All wild chimpanzees eat fruits and nuts, but research in this week’s Proceedings of the National Academy of Sciences now confirms that adult male chimps regularly eat meat. These findings may suggest that differences in what food the sexes gather and eat may not be a recent development in the human lineage, but go much further back.
Chimpanzees usually dine on plants in the wild, as well as termites if they can get them. They are also known to eat vertebrate flesh—one group is known to hunt other primates with spears, and some are even known to engage in cannibalism. However, it remained uncertain how much of a role meat actually plays in their diet, since following chimps throughout entire hunting seasons is a challenging prospect at best.
One of the most capable groups of hunters among these apes are the chimpanzees of the Taï National Park in Côte d’Ivoire, who cooperatively kill prey such as colobus monkeys and divide up the spoils with fellow hunters, rather than family. To see just how much of an impact consuming this flesh had on these chimps, anthropologist Geraldine Fahy and her colleagues at the Max Planck Institute for Evolutionary Anthropology in Leipzig, Germany, analyzed the hair and skeletons of chimpanzees they followed in the park over 20 years.
Animals accumulate the isotope nitrogen-15 in their bodies, and animals that eat animals—that is, carnivores—build up more nitrogen-15 than herbivores. On average, the nitrogen-15 levels of adult male chimps were about 10 percent higher than those of adult females. Moreover, adult male chimps that field research had revealed were gifted hunters could possess nitrogen-15 levels about 13 percent higher than less successful ones.
The researchers stress adult and juvenile male and female chimps in the park all still got most of their protein from fruits and nuts. Still, these findings reveal that flesh is important for some adult males there, and more than an uncommon luxury item.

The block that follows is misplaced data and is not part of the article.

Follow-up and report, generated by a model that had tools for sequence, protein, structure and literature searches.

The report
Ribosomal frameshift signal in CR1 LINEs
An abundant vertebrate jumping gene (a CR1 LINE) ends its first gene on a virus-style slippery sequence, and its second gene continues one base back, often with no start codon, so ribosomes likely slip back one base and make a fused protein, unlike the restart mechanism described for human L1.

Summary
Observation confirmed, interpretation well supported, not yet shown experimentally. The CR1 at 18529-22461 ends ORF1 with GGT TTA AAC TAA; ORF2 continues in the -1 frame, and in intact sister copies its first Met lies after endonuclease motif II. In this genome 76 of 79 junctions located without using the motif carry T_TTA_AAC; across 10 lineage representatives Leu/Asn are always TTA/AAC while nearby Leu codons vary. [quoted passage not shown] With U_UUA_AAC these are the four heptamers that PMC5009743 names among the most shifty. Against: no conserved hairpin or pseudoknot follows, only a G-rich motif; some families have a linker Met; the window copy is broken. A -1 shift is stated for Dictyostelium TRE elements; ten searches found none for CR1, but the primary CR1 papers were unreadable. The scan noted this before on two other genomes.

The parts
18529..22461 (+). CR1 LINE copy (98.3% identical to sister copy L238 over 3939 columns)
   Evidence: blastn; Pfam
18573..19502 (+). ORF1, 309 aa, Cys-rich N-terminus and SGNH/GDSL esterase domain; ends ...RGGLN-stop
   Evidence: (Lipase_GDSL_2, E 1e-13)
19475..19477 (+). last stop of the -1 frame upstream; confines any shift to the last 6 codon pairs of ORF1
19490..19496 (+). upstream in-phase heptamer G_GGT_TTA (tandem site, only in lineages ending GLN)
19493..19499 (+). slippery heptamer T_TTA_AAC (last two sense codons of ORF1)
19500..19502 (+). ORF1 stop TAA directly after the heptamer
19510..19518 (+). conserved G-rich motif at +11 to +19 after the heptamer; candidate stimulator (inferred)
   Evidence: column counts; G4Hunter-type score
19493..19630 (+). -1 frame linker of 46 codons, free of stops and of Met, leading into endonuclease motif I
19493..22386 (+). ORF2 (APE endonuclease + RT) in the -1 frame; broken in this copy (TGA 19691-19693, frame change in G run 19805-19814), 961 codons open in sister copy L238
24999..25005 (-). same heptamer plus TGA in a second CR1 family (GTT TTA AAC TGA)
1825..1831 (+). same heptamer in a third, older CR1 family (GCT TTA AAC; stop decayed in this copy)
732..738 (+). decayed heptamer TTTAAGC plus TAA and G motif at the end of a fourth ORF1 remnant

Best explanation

As humanity’s closest living relatives, chimpanzees are often studied to learn more about human evolution. Until now, there was apparently little difference in diet between male and female chimps, leading to an assumption that the role of man as hunter and woman as gatherer in humans occurred following the split from the last common ancestor of humans and chimpanzees about 5 million years ago, Fahy said. Although these findings might suggest otherwise, given controversies over the origins of such differences, “our suggestion that our data implies that sex differences may have persisted throughout human evolution may be contentious to some,” Fahy notes.
Future research into sexual differences in chimpanzee diet “would greatly benefit from similar studies at other sites where hunting and meat-eating are observed,” Fahy said. “Once we have a large, clear data set from multiple chimpanzee populations, we will get a clearer idea of how unique the Taï chimpanzees are.”